Language and the Law
in Deaf Communities|
Ceil Lucas, Editor
Society knows very well how to oppress a man and has methods more subtle than death. (André Gide, In Memoriam Oscar Wilde)The government’s ability to arrest and interrogate an individual suspected of having committed a crime is a police power fundamental to maintaining the social harmony of a society. But, for the individual who suddenly finds himself forcibly restrained, isolated from the outside world, and subjected to questioning by the police, police interrogation can be terrifying, rendering the individual susceptible to misunderstandings, misstatements, and manipulation. When the individual arrested is Deaf, the linguistic and cultural gulf that separates him from his hearing accusers compounds his sense of fear and isolation. As a result, the Deaf suspect is all the more likely to misstate facts, to unwittingly agree to suggested statements and scenarios that imply culpability, and to make false confessions. Such statements, even if recanted, are often used at a later trial to persuade a jury that the individual committed a crime.
In 1966, the U.S. Supreme Court recognized that an arrested individual—afraid, alone, and under the compulsive pressure of police questioning—can easily be led into making false statements. The danger that such compulsion poses to the truth-seeking process and to our rights as individuals to be free from inordinate governmental pressure during the criminal process led the Court to a landmark decision. In Miranda v. Arizona, (384 U.S. 436, 86 S.Ct. 1602), the Supreme Court held that prior to interrogating an individual who has been taken into custody, the police must inform the individual of certain constitutional rights. This explanation, known as the Miranda warning, reminds the suspect that he has the right to remain silent (per the Fifth Amendment) and the right to the assistance of counsel (per the Sixth Amendment). The Court reasoned that knowledge of these rights, that is, knowing that one need not answer questions posed by the police and knowing that one may consult with an attorney at any time before or during interrogation, will reduce somewhat the sense of isolation, fear, and duress, which renders individuals susceptible to suggestion and manipulation.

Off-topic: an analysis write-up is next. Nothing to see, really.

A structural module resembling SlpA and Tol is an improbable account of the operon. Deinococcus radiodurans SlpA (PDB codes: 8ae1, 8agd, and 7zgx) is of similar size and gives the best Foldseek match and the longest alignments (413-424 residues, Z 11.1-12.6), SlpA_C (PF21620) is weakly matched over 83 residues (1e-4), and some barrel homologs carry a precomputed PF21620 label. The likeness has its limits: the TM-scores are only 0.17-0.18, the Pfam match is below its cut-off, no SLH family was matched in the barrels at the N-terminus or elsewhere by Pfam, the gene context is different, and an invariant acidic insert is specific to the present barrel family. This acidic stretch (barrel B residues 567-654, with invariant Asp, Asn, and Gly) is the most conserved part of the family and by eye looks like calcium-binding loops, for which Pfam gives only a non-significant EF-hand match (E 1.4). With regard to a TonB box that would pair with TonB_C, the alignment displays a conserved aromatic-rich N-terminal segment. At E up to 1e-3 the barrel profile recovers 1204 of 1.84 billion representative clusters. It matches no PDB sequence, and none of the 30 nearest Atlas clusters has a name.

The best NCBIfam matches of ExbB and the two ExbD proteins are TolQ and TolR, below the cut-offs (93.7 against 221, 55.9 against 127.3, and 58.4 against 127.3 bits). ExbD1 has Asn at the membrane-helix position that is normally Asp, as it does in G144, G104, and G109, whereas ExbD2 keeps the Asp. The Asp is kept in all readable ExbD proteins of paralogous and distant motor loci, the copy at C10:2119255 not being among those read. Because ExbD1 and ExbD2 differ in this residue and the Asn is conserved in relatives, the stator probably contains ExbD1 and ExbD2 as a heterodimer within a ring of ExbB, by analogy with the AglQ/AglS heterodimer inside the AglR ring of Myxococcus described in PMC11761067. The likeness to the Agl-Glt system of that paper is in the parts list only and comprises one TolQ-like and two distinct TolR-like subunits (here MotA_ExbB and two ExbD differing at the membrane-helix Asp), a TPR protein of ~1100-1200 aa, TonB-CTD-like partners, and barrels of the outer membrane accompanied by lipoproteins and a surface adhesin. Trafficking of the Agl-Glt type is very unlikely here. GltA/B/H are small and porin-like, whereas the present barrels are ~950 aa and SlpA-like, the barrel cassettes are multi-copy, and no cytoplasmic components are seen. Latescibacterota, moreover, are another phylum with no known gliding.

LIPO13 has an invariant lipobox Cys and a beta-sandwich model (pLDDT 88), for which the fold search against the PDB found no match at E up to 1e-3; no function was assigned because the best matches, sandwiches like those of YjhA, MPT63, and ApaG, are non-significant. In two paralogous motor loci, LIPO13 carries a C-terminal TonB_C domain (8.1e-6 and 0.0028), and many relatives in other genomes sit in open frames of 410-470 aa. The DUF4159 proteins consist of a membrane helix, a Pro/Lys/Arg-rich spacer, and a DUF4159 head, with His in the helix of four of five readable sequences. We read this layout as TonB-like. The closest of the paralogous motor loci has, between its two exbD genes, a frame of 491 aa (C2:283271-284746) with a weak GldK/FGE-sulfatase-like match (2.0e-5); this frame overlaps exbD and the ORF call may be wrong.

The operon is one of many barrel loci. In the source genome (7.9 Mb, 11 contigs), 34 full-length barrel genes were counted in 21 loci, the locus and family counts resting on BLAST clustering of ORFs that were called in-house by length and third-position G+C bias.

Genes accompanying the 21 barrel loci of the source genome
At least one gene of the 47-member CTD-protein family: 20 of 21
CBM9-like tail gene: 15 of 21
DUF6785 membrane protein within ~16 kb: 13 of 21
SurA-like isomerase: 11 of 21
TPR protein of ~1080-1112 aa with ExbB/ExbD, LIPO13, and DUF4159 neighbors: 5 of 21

The question this study addresses is whether Deaf Americans are afforded the same knowledge and understanding prior to and during police interrogation as hearing Americans. If a Deaf individual who uses American Sign Language (ASL) to communicate is not provided with a sign language interpreter at all during the reading of the Miranda rights or subsequent interrogation, he or she has obviously not been informed of his or her rights. Accordingly, any subsequent statements made by the Deaf suspect—whether written, gestured, signed, or vocalized—must be excluded from a later trial. A linguistic study is unnecessary to resolve this simple legal question.
The more difficult question is whether a Deaf person who has been provided an interpreter understands her rights and, therefore, can avail herself of their protections to the same extent as a hearing American. What effect does the level of interpreting competence have on the ability to interpret linguistically complex discourse such as the Miranda warning and police interrogation? Police, court administrators, and judges are largely uninformed that this is even an issue. The grave consequence of this understandable ignorance is that the Mirandizing and subsequent interrogation of Deaf suspects is routinely interpreted by individuals who lack the skill necessary to achieve either a clear understanding in Deaf defendants of their constitutional rights or the questions posed to them during interrogation.